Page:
The reason this is all relevant is that the underlying cause of our current problems is too much debt and not enough transparency, which create volatility and the possibility of panic which the government feels obligated to step in and control. The reason we have so much debt is that large financial institutions (now I’m getting close to riding on your hobby-horse) have enjoyed the power to create debt with an implicit (and then explicit)government backing. The reason we have so little transparency is that our government regulators, corporate boards, and major investors have been asleep at the switch in terms of understanding and controlling new forms of debt. Universal investment banks absolutely thrive in this environment as they can propose lots of complicated transactions to supine boards with supine investors and supine regulators and get what they want (fees). The government allows them to have the balance sheet to back all these deals by allowing the moral hazard trade to succeed and prosper (bought C or AIG debt yielding 10%? You win! Invested prudently in something that made sense? You lose!).

The way to deal with this is first of all to get rid of moral hazard. Let everyone who does bad transactions fail – it’s the only way to disincentivize them. Bail out the depositors or the insurance customers who got clear government promises up-front, not the holding company, its security-holders, and its gambling counterparties, all of whom knew they were taking risk. This process will be painful, but so is the process of building huge debts for decades and then raising taxes/cutting services to pay for them.

Once you deal with moral hazard, it no longer becomes cheap to run a speculative underwriting business because no one wants to supply 1% debt to a company whose model is “We buy huge chunks of mostly-unknown, highly speculative companies/debts, pump them up with dubious analysis, issue obfuscatory reports that no one can understand, restructure them to generate some fees for ourselves, and then distribute them to greater fools before anyone figures out what’s going on”. People only want to supply 1% debt to UBS and GS because they believe (correctly) that current government will not permit them to default.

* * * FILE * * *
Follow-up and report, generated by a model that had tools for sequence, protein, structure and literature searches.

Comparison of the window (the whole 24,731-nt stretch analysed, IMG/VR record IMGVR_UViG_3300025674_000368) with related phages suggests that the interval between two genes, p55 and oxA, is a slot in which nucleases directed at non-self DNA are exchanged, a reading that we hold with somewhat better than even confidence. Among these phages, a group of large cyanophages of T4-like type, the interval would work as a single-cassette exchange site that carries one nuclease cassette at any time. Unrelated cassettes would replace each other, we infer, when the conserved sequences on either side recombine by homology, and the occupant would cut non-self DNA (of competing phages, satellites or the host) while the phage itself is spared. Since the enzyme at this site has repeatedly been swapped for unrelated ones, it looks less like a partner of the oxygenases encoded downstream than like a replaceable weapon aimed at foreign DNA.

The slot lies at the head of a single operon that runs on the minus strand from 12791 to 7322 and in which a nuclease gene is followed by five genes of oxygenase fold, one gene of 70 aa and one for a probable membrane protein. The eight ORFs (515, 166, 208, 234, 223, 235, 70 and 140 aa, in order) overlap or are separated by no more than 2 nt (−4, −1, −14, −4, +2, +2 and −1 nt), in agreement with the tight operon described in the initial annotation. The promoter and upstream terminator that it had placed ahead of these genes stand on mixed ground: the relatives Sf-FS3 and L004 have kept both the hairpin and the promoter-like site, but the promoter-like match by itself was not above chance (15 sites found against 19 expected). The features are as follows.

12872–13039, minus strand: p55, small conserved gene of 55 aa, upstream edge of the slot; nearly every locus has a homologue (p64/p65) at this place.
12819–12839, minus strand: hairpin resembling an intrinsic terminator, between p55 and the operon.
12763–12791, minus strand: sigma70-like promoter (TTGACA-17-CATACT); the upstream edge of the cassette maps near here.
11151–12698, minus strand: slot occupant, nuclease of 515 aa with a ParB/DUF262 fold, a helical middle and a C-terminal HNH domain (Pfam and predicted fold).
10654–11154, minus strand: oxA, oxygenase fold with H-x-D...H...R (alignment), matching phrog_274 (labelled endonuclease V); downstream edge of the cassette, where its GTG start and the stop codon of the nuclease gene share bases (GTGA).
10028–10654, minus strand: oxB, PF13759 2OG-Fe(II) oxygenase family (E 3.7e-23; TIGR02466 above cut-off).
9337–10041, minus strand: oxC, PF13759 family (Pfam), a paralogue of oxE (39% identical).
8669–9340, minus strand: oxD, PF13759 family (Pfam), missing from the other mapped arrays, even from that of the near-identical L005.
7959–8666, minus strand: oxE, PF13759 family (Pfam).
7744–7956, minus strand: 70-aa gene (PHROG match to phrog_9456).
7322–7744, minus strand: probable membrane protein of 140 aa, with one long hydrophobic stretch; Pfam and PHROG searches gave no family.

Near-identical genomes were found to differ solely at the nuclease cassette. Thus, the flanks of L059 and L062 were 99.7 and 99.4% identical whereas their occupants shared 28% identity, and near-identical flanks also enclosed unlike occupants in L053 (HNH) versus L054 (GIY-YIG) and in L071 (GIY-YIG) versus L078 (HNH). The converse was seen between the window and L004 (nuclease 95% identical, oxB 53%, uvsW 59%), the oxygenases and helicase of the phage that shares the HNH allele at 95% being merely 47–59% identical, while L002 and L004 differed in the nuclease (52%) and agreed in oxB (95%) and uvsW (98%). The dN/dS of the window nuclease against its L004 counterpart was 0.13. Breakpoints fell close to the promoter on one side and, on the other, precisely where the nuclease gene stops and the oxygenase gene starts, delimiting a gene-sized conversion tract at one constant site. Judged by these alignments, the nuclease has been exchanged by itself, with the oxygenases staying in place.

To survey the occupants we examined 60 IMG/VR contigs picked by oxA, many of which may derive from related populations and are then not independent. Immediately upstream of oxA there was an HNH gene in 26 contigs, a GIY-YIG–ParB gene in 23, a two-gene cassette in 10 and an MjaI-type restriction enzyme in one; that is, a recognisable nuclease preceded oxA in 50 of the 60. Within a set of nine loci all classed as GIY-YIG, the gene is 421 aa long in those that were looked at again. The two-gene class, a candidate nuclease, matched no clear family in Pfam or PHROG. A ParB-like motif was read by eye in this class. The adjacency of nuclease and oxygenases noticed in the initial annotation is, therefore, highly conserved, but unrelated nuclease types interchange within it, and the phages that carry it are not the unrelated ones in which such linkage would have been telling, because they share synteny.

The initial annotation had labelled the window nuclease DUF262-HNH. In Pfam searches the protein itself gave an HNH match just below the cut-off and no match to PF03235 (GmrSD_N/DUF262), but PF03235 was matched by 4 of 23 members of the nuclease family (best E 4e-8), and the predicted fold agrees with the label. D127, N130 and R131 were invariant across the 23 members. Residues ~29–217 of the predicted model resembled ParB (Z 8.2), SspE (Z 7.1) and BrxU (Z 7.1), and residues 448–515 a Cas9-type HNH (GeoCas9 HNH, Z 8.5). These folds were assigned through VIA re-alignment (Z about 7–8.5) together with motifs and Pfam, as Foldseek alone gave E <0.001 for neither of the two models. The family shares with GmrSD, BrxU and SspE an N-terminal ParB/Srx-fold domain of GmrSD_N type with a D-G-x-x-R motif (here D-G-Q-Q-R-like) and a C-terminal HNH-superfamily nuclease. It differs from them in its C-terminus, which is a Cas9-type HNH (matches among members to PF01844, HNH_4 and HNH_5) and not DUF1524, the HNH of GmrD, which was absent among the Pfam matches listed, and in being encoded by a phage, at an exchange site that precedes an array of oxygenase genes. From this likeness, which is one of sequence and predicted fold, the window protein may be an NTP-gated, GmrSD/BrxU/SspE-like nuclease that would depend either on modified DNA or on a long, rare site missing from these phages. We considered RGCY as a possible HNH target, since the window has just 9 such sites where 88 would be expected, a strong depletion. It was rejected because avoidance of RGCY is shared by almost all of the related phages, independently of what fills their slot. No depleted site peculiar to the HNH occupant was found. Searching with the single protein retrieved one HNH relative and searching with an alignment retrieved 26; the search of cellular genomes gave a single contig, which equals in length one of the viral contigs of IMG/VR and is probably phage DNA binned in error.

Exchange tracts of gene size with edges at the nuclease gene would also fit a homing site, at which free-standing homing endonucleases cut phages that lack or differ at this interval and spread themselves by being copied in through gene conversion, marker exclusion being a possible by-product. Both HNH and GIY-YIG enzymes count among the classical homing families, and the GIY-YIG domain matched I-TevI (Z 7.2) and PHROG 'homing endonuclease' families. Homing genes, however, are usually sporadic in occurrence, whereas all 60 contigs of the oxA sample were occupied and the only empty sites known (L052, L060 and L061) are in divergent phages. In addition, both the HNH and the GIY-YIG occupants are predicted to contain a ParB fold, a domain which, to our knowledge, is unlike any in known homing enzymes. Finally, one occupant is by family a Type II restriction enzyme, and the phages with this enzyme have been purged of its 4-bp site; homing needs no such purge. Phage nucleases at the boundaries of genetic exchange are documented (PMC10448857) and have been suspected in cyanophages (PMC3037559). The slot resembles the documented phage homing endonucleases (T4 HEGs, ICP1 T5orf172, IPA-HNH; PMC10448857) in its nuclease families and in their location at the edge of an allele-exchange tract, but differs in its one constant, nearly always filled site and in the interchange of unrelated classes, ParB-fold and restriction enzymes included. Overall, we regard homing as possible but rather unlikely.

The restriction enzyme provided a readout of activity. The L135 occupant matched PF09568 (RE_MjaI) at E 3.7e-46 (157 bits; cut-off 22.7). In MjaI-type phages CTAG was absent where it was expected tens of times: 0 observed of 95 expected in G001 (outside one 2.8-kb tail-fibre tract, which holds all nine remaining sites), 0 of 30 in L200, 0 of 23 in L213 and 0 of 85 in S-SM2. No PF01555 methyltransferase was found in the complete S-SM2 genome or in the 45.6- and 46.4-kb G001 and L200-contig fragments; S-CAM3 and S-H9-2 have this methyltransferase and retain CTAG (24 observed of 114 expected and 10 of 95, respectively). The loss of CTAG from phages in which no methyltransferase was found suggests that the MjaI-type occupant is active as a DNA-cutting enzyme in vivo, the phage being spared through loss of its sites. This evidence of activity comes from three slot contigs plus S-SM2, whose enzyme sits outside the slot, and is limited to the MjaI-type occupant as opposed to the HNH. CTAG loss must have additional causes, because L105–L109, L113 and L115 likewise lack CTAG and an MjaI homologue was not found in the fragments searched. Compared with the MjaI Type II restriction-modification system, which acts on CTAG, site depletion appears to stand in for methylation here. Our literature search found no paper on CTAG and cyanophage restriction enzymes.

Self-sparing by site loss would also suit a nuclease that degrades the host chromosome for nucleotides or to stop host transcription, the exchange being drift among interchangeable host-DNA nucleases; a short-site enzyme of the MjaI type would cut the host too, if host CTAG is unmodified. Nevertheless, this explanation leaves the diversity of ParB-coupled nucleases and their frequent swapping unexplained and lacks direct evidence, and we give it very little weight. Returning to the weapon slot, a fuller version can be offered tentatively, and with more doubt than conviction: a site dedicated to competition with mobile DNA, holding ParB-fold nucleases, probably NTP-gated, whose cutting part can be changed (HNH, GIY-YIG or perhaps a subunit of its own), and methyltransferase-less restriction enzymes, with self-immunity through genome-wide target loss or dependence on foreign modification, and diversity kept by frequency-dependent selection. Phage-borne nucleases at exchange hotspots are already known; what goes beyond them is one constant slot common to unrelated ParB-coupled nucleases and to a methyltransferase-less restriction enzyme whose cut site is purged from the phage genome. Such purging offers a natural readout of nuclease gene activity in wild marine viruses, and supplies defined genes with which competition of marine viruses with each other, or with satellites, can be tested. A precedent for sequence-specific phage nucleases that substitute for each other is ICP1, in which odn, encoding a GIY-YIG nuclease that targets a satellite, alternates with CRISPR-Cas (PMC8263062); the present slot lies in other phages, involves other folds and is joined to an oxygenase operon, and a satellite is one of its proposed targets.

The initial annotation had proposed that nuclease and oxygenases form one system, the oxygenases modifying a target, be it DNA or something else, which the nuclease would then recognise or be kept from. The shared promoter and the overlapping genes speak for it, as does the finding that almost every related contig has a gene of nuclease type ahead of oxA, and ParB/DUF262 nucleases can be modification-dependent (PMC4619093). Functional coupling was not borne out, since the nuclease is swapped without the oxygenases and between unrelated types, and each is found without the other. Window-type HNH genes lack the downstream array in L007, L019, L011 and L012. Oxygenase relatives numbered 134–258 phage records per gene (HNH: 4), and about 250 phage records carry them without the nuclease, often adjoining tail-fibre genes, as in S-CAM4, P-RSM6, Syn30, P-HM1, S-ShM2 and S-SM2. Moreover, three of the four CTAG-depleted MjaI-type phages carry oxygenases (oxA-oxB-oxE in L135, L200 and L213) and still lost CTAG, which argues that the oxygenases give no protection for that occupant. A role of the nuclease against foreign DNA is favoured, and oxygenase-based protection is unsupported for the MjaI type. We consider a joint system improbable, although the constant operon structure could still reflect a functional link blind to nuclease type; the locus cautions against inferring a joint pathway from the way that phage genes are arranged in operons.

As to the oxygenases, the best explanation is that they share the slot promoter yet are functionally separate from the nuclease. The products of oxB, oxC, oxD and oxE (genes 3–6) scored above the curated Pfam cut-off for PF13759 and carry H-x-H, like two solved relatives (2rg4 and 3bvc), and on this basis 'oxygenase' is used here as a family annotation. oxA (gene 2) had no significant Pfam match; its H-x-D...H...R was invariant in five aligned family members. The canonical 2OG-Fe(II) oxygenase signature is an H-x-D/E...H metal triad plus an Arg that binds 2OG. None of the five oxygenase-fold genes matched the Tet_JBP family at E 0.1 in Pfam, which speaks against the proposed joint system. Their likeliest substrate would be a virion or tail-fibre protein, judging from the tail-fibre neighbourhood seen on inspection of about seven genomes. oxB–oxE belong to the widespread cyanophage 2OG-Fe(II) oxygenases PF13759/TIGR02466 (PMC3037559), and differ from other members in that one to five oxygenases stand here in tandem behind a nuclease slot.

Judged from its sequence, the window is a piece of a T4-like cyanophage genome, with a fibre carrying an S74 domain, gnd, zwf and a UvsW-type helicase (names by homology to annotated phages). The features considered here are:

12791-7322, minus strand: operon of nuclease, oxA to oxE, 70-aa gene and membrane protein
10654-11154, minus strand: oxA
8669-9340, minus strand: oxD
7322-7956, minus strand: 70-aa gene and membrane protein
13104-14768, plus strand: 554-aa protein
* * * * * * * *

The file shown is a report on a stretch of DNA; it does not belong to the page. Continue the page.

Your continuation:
Unfortunately, politicians can’t just pronounce that no one gets bailed out anymore, nor can they deregulate the whole banking system. They have to play off public anger at bankers to eliminate some of the worst excesses of the current model and provide stricter regulation of some of the fields most susceptible to moral hazard. When you have a type of bank that is strictly trading-focused, it’s very easy to say: “Gee, you hired some pretty dumb traders. You fail.” Likewise, when you have a bank that takes deposits and issues cheap mortgages to society’s benefit, it’s easier and cheaper to provide an up-front government guarantee, strict regulation, and a bailout if something unforeseen happens. When you have a corporation that strictly provides financial advice to other corporations and you regulate out some of the worst “Lever up with deceptive marketing/pay yourself a huge bonus out of other people’s money/flee and leave someone else holding the bag” practices, the market can probably handle most of the regulation. When all these banking functions and more are intertwined in one institution, everyone gets confused and nothing works. You get banks saying on the one hand “We provide valuable lending to stimulate the economy – give us a bailout” and “We’re self-interested private actors – don’t try to regulate our bonuses”. I don’t care in the least how big banking institutions are (short of anti-competitive monopolistic conditions), nor do I care if private actors want to engage in extremely risky, extremely complex financial deals at their own risk based on their own understanding. But if institutions are riddled with conflicts of interest and are structured such that no one (including their own management) understands them, it’s unlikely that the market is going to get the requisite information to create optimal outcomes.

Posted by najdorf | Report as abusive